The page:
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Armchair Architects: The role of Simplicity in Architecture

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What are the tradeoffs between robust functionality, flexibility, simplicity, and ease of operation? How do our Armchair Architects design solutions that start as high as they want and go as low as they need? Uli, Eric, and David discuss these questions and more in a recent episode of the Azure Enablement Show.


Read below for highlights and watch the video.



What role does simplicity play when architecting solutions?

Simplicity is like a philosophy or a pervasive thread that you often have to revisit at every stage. From an architecture perspective you can visualize the way these solutions might fit together and then you ask yourself whether it’s as simple as it needs to be or is it overly complex or can it be reduced further.  Ask yourself if you are providing too many knobs and bells and whistles. Can I create a more coarse-grained API interface across my microservice architecture and that way I can make it easier on the people that have to consume it? It’s something that you visit and revisit critically all throughout the architect journey.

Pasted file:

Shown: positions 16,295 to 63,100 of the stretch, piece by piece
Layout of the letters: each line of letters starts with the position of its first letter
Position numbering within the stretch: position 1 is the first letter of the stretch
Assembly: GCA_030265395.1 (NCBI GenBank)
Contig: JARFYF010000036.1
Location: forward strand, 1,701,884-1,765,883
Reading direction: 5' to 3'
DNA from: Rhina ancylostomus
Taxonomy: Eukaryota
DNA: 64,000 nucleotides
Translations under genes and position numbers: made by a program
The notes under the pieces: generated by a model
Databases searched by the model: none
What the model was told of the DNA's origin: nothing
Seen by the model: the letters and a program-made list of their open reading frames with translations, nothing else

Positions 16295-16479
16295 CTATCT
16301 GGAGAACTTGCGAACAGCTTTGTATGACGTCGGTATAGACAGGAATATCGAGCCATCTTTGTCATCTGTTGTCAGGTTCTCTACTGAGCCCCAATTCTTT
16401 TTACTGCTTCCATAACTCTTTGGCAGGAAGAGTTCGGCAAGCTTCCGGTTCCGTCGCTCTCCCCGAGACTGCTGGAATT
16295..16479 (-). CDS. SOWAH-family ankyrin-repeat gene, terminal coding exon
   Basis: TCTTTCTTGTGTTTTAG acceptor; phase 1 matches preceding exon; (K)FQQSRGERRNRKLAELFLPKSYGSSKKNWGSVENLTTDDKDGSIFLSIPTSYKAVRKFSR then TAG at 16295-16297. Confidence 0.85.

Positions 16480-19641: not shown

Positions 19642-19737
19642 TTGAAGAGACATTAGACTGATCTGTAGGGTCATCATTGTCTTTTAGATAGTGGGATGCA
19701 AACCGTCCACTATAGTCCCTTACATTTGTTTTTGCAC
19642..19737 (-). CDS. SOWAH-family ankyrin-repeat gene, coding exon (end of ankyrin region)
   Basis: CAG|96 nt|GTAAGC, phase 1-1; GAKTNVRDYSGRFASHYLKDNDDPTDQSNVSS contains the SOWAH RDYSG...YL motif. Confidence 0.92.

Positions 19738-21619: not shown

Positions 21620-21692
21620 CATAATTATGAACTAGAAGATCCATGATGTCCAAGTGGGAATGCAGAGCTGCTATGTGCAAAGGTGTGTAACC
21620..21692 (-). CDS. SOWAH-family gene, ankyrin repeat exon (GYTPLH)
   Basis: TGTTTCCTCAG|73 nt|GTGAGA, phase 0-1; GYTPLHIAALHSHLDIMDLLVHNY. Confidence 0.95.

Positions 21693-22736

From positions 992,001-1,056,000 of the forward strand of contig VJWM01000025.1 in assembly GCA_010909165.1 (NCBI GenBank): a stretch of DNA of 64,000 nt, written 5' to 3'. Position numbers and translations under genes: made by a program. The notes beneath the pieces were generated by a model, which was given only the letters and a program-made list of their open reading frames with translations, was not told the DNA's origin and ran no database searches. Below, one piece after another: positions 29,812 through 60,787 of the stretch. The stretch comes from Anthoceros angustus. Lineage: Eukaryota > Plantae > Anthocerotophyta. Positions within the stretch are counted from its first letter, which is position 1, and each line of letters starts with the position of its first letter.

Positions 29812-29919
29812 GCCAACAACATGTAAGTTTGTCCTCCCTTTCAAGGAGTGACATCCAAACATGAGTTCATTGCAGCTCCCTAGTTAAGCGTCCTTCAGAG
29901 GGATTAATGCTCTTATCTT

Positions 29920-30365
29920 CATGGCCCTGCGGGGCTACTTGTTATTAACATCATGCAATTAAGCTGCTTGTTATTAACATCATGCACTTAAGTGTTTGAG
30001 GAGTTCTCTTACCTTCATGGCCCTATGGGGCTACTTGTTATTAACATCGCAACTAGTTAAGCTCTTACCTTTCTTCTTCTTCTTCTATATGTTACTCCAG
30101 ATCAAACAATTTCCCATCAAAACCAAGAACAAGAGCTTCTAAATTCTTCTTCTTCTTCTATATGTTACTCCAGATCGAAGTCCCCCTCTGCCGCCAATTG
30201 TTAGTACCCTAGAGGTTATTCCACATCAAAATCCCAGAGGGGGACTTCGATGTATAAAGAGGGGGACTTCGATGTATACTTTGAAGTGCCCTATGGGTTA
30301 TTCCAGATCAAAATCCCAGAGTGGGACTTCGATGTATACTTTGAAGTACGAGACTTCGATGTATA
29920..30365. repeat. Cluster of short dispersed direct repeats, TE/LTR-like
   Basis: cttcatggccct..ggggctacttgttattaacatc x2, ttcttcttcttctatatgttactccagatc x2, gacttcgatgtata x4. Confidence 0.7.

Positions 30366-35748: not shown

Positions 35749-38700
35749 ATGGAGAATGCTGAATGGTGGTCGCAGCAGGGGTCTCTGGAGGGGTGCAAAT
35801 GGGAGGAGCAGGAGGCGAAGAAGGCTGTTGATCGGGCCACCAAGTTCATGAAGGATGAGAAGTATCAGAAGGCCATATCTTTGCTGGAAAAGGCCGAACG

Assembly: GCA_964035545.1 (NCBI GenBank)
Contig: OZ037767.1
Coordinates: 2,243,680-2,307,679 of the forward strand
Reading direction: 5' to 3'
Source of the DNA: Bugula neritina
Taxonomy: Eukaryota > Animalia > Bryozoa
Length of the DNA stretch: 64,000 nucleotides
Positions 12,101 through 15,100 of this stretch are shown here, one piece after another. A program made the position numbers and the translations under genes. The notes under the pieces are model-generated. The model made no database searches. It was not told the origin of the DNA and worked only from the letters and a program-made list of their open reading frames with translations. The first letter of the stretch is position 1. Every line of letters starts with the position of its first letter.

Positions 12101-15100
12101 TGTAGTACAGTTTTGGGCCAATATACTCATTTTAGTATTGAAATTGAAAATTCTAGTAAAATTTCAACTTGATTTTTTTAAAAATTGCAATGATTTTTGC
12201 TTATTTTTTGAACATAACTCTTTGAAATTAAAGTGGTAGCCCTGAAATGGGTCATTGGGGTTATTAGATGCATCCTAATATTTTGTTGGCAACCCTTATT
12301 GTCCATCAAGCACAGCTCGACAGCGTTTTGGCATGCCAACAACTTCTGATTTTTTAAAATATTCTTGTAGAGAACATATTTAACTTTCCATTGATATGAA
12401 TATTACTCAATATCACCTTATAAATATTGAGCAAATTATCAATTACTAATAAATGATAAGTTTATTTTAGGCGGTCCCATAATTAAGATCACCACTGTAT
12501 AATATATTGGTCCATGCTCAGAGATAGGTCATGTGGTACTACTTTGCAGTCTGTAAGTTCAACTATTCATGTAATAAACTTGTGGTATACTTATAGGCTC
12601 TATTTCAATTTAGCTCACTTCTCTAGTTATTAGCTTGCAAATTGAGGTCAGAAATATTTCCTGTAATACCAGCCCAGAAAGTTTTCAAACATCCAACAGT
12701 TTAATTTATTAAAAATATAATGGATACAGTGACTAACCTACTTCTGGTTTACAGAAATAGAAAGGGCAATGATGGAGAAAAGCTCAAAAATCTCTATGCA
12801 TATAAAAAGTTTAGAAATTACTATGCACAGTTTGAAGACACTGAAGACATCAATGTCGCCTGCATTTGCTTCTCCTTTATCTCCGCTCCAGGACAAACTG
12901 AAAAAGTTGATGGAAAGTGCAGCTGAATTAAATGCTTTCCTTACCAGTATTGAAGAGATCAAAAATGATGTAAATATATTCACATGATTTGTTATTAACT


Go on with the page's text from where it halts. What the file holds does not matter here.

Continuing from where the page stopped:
Simplicity is a question that you should ask from multiple dimensions. You have to also look at what happens if stuff breaks at 3am and the developer isn’t available to debug the code. So how do you tell an operations person who has to deal with the system, and the more complex the system is the more difficult it is to bring it back online, or make sure the customers can successfully complete the operations. And if I have to update the solution, how many things do I have to touch to update the capabilities that I’m building. The more things I have to touch the more complex it is and therefore the likelihood of failure is much higher than if I keep it simple.



Is it possible to retain simplicity when adding features?